The Note Pro 12 also contains enhancements to Air Command, the menu of choices invoked by Samsung's S-Pen stylus (included). A new Action Memo app converts handwritten notes into text and sends to an email, imports into contacts, used as a web search, plotted on a map or entered as a task. A variant of the Multi Window feature is Pen Window, which pops up any five of about a dozen apps into a box drawn anywhere on the screen by the stylus. This allows a calculator, music player or alarm clock, for example, to float above all others for as long as it's needed.

Powering up this tasking is Samsung's Exynos 5 Octa5420 eight-core processor, which packs four Cortex-A15 cores running at 1.9GHz and four Cortex-A7 running at 1.3GHz. Part of Samsung's secret sauce is its embedded GPU, which handles some of the general-purpose computing workload when it's not busy performing 2.3 times better than the Exynos 5 graphics accelerator that came before it. It's running Android 4.4 Kit Kat on 3 GB of LPDDR3 RAM. The tested unit had 32 GB of storage. There's also a 64-GB model, and both can be expanded with as much as 64 GB more via a microSD card slot.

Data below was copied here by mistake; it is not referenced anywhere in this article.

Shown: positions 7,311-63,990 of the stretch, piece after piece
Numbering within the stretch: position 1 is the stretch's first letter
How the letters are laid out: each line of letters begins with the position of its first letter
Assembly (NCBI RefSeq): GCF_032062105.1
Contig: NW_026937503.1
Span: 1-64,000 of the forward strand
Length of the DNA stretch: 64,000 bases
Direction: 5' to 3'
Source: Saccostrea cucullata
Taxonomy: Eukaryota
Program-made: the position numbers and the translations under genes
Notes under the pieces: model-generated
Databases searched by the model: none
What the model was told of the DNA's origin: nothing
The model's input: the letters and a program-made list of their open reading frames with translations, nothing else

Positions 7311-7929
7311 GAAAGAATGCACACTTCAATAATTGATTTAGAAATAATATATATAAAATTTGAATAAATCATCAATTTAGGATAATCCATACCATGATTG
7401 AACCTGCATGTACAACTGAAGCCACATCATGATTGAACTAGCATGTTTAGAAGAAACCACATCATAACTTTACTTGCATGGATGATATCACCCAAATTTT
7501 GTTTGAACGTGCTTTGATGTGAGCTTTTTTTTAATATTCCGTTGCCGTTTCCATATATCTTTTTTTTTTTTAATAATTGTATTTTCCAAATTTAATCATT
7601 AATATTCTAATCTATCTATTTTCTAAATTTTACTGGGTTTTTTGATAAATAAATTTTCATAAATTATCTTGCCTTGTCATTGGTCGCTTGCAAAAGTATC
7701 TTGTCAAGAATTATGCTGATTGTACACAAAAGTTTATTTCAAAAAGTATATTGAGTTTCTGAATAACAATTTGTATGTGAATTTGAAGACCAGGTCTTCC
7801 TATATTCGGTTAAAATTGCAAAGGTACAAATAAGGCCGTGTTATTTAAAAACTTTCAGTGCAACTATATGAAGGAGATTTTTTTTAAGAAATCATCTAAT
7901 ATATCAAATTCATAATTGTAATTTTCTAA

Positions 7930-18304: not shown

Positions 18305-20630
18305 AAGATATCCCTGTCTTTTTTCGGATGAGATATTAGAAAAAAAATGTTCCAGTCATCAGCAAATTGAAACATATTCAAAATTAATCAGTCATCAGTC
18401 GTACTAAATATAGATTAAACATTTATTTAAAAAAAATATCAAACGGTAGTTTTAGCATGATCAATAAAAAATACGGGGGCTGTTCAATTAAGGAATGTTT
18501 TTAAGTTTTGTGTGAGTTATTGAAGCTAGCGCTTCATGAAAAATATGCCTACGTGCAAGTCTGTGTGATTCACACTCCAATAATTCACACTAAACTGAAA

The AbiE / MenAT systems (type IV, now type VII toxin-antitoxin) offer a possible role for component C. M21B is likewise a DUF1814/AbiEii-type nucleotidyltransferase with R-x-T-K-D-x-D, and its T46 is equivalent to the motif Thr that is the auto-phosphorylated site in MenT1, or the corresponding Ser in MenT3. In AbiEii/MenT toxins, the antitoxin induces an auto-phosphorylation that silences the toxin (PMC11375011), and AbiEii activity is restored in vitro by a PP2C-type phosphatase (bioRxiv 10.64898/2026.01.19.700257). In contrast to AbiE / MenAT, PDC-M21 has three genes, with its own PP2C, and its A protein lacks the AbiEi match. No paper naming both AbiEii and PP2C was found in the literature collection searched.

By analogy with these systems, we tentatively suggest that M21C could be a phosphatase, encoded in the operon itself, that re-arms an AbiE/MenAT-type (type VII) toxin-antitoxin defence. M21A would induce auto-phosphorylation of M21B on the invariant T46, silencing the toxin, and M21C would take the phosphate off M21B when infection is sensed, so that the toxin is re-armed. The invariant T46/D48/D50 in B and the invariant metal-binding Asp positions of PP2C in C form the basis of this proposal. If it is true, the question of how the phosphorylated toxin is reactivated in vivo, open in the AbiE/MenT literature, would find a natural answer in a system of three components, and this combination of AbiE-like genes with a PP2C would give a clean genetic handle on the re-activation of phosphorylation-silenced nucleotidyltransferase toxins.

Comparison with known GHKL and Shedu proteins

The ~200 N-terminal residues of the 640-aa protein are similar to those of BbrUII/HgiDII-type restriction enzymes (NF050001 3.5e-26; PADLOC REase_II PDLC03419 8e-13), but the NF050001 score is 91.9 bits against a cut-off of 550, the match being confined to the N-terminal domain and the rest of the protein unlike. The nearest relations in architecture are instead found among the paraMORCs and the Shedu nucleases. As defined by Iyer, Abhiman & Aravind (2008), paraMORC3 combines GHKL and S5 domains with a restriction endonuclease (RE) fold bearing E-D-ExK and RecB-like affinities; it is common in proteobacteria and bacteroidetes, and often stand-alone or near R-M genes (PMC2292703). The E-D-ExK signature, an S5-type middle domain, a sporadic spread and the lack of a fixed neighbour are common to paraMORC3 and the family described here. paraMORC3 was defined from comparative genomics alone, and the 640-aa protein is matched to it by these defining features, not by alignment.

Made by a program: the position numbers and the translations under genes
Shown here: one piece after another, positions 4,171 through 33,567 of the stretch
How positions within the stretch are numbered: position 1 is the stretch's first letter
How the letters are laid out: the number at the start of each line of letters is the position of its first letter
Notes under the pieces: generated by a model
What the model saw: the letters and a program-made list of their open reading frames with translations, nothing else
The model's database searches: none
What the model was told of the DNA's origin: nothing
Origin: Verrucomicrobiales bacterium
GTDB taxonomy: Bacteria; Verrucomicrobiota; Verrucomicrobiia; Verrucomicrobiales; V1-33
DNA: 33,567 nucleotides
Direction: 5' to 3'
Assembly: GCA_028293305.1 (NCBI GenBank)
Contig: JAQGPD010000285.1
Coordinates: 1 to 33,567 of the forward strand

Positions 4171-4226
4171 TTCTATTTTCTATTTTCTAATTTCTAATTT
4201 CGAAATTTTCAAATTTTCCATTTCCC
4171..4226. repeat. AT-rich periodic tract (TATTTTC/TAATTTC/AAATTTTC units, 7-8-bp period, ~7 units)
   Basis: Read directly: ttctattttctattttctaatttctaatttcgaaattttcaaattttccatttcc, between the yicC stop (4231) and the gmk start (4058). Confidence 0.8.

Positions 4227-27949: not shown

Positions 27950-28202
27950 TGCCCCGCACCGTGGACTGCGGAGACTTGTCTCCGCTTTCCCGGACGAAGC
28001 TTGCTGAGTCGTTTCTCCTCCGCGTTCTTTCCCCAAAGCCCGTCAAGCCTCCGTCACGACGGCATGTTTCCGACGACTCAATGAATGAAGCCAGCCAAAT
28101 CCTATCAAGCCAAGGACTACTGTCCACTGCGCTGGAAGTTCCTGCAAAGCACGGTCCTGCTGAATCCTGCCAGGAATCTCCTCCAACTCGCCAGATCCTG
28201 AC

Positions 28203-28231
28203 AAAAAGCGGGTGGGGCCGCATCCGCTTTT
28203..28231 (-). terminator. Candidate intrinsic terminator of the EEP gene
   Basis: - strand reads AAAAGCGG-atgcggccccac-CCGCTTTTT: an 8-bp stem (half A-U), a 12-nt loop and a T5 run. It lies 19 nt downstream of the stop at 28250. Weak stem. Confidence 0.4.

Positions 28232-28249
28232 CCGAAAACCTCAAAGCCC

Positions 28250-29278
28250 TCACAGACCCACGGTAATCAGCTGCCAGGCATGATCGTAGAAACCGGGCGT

Magazine UX Galaxy Note Pro 12 serves as the coming out of Magazine UX, a Samsung-built interface overlay that lets users put as many as eight active widgets on the screen at a time. "These are customizable so users can pick which information they need quick access to on the go," said Langan. It's not a bad look, and it permits a new degree of customization with as many as eight size-adjustable widgets on about a half-dozen widget screens, in addition to the five conventional app screens. "These are live tiles; you can click on them to see data and launch apps," Langan said of the widgets, apparently without realizing her use of Microsoft's nomenclature for the Modern UI of Windows 8. "I never even thought about that." The Magazine UX will be included on all Pro-series Galaxy Note and Tab devices.

NEXT: IT Not Forgotten

Samsung hasn't forgotten IT departments, whose needs include manageability and security. For the latter, there's Knox, an easy-to-use partitioning system that builds a wall between personal and professional apps and data. Icons of protected apps are dog-eared with a golden keyhole. For the former, Samsung offers no tool of its own, but instead "works hard to develop APIs that work with third-party management products," Langan said. The latest version of Samsung's management APIs support more than 500 policies, up from 300 in the prior version. "We enable third-party products to do more with a Samsung device than with just a plain device running Android."